Strengthening links with Russia is a goal that has the support of entire India, and this policy has been carried out in many different areas. The development and strengthening of these ties has always been a priority for our foreign policy.

Your Excellency, at our meeting in restricted format we talked in detail about cooperation in key sectors of our relations. I would like to take this opportunity at our meeting in expanded format to discuss some key aspects of our bilateral relations that have not yet fully realised their potential.

For several years, governments of both countries have recognized that bilateral trade and investment ties between India and Russia do not reflect the close political cooperation that has always existed between our two countries.

India and Russia decided to set and achieve the goal of 10 billion dollars by 2010. I'm talking about trade. As far as I know, despite the global financial and economic crisis, we will most likely achieve that goal. We should be very proud of this achievement.

But we must also think about why our economies, generating GDP of more than 1 or 2 trillion US dollars a year each, must be satisfied with a trade volume of 10 billion dollars.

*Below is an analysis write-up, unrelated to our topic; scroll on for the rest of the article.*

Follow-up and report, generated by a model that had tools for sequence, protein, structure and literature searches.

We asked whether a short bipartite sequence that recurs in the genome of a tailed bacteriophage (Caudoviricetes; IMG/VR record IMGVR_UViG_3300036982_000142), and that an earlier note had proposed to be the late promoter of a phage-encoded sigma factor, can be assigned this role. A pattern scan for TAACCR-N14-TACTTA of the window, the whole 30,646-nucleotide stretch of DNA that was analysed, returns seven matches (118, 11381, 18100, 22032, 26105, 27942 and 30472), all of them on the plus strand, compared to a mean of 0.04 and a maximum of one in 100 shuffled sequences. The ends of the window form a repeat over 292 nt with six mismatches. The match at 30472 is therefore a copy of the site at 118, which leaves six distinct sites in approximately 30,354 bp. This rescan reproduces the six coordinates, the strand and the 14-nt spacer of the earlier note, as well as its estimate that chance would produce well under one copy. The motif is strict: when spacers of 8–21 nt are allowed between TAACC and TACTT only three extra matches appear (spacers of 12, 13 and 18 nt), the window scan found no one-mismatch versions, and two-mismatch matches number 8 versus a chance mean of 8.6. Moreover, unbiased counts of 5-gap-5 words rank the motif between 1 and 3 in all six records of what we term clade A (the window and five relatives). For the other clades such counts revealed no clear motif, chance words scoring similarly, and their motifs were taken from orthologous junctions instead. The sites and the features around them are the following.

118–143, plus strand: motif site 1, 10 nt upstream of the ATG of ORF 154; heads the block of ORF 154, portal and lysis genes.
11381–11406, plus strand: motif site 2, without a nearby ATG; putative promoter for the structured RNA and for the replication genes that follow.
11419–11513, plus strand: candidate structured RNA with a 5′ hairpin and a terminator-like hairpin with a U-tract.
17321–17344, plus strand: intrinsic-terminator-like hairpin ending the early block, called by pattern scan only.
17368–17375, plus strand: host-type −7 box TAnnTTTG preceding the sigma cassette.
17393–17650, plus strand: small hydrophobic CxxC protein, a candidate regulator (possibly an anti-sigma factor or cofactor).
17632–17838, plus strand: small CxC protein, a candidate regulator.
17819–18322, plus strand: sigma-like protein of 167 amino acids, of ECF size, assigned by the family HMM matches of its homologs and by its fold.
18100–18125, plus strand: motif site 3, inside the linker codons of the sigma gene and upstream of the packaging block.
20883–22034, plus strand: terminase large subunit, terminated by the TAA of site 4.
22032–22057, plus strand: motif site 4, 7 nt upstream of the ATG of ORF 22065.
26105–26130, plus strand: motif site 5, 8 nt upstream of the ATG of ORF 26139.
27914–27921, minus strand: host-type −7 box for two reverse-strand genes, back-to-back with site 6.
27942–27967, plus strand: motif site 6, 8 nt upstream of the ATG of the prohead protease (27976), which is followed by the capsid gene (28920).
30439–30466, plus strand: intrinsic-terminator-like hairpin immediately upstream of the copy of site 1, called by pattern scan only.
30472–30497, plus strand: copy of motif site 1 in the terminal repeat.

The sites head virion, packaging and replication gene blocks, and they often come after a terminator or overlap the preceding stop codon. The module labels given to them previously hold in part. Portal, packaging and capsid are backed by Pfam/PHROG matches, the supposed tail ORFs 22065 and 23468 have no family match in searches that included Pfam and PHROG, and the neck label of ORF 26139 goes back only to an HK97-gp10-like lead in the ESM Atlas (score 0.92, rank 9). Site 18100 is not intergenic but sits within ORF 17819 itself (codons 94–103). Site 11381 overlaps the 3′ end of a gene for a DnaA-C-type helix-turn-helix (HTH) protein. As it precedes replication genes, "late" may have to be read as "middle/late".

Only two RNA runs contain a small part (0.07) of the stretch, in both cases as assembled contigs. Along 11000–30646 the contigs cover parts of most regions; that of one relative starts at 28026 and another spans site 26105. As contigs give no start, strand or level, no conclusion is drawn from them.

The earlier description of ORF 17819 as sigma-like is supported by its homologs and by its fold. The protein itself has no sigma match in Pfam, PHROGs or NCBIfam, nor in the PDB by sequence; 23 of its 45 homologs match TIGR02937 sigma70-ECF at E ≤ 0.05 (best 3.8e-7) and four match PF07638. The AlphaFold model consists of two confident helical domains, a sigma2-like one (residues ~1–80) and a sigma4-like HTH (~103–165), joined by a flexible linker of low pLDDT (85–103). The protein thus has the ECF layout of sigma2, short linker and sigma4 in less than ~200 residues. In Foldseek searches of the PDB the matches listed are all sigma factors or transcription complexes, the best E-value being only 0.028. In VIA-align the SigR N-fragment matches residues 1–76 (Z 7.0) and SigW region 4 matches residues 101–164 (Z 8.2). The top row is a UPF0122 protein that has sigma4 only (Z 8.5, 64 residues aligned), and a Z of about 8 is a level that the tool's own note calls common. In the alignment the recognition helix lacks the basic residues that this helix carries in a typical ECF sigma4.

Russia's economy is rich in natural resources, including energy resources, and in workforce which can produce advanced technology in various fields such as the high-tech and defence industries.

On the other hand, India’s economy has more than a billion consumers, as well as huge numbers of young people in its labour force. Our economy is undergoing rapid transformation and requires huge investment in virtually every sector.

The complementary characteristics of our economies are obvious, and today in the era of globalisation the business communities in our countries must play a leading role in ensuring the necessary investment in India. For too long business circles of both countries have paid exclusive attention to Western consumers, as well as taking into account only the interests of Western investors and Western markets, thus effectively ignoring the huge potential that has always existed in our cooperation. And I am very pleased that both governments have taken an initiative to address this problem in the near future, namely to establish an intergovernmental council whose co-chairman was appointed during your state visit in December 2008, as well as the India-Russia Forum on Trade and Investment, which is headed by our Minister of Foreign Affairs. The third meeting of this Forum will be held later this month.